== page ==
In Minnesota, Fair and Equitable Is the Rule
In Minnesota, the law says that you are entitled to a fair and equitable division of marital assets. One common misconception that many divorcing couples have is that fair and equitable always means “equal.”
At Dwire Law Offices in Lakeville, Minnesota, divorce attorney Todd Dwire offers a free initial consultation to discuss property division issues that are part of divorce.
Equal or Equitable?
More often than not, marital debts and assets are divided equally because the two parties agree to a resolution. As a practical measure, the most palatable outcome for most divorcing couples is to share equally.
However, if the parties don’t agree to an equal division, the court has the discretion to divide assets and property disproportionately if the situation warrants. This is referred to as equitable division. For example, if one side was a substantial earner and the other side earned significantly less, the court may award a greater share of marital property to the lower wage earner or a greater share of the debt to the substantial earner.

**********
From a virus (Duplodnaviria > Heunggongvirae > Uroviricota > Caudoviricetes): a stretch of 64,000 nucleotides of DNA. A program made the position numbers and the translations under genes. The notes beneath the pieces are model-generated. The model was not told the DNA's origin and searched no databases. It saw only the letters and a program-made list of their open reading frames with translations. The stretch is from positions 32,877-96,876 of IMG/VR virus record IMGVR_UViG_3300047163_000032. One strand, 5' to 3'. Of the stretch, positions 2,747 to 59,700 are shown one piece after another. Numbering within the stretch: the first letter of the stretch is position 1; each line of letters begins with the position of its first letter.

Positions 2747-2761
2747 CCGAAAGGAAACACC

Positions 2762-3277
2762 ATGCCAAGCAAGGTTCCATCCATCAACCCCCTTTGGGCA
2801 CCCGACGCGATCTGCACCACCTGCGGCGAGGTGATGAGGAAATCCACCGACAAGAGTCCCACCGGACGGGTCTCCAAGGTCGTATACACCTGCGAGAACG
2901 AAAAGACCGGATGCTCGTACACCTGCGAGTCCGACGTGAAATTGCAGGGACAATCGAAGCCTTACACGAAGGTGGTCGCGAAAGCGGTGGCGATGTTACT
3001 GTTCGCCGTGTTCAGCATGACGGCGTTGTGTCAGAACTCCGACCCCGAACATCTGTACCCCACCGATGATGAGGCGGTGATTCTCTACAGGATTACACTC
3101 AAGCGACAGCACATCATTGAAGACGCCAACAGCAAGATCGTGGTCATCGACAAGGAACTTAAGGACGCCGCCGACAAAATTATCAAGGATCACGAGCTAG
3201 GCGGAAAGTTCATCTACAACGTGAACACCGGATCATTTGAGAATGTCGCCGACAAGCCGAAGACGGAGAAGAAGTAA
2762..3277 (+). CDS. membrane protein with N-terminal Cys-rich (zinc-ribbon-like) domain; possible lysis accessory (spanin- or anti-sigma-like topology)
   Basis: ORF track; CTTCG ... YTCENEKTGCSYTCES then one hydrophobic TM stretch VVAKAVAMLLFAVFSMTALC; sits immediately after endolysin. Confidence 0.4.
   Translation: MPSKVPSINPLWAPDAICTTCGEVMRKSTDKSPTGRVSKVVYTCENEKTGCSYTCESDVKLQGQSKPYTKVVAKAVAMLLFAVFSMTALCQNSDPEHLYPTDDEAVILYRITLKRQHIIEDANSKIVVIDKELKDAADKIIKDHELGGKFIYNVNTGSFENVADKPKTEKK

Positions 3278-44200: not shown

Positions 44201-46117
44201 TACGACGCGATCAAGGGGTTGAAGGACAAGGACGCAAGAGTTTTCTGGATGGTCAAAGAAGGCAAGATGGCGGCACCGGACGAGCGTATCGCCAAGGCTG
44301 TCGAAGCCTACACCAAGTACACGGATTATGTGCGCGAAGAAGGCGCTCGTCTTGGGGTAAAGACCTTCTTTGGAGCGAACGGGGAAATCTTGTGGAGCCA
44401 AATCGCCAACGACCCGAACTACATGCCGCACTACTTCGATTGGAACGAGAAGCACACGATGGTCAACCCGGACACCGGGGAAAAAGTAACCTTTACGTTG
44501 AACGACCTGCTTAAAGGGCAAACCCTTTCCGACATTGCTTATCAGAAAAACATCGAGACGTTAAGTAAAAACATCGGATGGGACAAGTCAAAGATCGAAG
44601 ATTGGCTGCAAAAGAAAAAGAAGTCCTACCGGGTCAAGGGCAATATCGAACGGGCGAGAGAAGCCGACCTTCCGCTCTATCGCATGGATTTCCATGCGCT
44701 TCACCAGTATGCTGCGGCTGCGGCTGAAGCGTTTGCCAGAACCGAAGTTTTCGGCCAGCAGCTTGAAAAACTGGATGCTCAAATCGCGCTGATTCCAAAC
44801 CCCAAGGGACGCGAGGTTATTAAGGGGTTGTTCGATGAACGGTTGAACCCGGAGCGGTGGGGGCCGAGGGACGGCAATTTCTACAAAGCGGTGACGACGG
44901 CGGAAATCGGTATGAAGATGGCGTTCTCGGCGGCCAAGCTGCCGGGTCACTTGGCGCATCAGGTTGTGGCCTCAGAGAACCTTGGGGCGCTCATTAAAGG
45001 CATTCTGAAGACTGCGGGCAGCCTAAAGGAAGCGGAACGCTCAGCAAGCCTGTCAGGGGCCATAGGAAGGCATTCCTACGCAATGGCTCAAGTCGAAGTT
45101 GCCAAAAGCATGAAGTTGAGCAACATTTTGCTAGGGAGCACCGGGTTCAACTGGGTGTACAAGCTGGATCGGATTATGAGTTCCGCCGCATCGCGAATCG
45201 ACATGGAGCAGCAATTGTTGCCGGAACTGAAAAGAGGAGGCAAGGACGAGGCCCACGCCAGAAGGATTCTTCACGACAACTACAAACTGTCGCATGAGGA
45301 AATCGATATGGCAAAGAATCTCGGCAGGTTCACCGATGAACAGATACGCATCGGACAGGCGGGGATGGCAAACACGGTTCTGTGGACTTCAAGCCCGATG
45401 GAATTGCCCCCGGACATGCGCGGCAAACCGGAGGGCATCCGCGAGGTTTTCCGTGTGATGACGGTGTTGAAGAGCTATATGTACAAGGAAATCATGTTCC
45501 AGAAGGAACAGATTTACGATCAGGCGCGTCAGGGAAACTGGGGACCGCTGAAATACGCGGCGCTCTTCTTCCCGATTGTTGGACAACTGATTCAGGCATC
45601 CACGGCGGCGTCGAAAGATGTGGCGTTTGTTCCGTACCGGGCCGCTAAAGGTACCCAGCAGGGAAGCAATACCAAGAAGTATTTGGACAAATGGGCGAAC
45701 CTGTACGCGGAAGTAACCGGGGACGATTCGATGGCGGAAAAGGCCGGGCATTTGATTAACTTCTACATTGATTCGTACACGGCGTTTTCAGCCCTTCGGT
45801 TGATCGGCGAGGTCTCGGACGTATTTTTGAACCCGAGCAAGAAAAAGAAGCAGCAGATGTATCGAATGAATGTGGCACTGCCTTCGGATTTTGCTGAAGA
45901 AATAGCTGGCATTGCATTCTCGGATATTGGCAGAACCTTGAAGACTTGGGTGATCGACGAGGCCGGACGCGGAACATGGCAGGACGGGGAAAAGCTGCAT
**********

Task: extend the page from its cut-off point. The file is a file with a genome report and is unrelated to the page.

Assets and Debts Will Be Divided
The distinction between marital and nonmarital property is important. Regardless of whose name is on an asset, if it was accumulated during the marriage, it is presumed to be marital property and must be divided. There are a couple of exceptions: If you received a gift or an inheritance during the marriage, that asset would be considered nonmarital property and not subject to division. Certain types of personal injury award settlements could also be considered nonmarital.
Likewise, debts accumulated during your marriage are presumed to be marital obligations, regardless of who incurred the debt. For example, if you have credit card debt that is in your name with a balance incurred during the marriage, that balance is presumed to be marital debt and will be divided equitably.
- Tax issues related to property division
- Dividing businesses
- Dividing retirement plans
- Bankruptcy in divorce
Preparing For Division Of Assets
To ensure your financial situation is resolved fairly and appropriately, it’s important to provide the following kinds of information to your lawyer:
- Tax returns
- Credit card information
- Bank account statements
- Mortgage and loan information
- Retirement plan/401(k) statements
- Assessment on all properties owned
- Information on any closely held businesses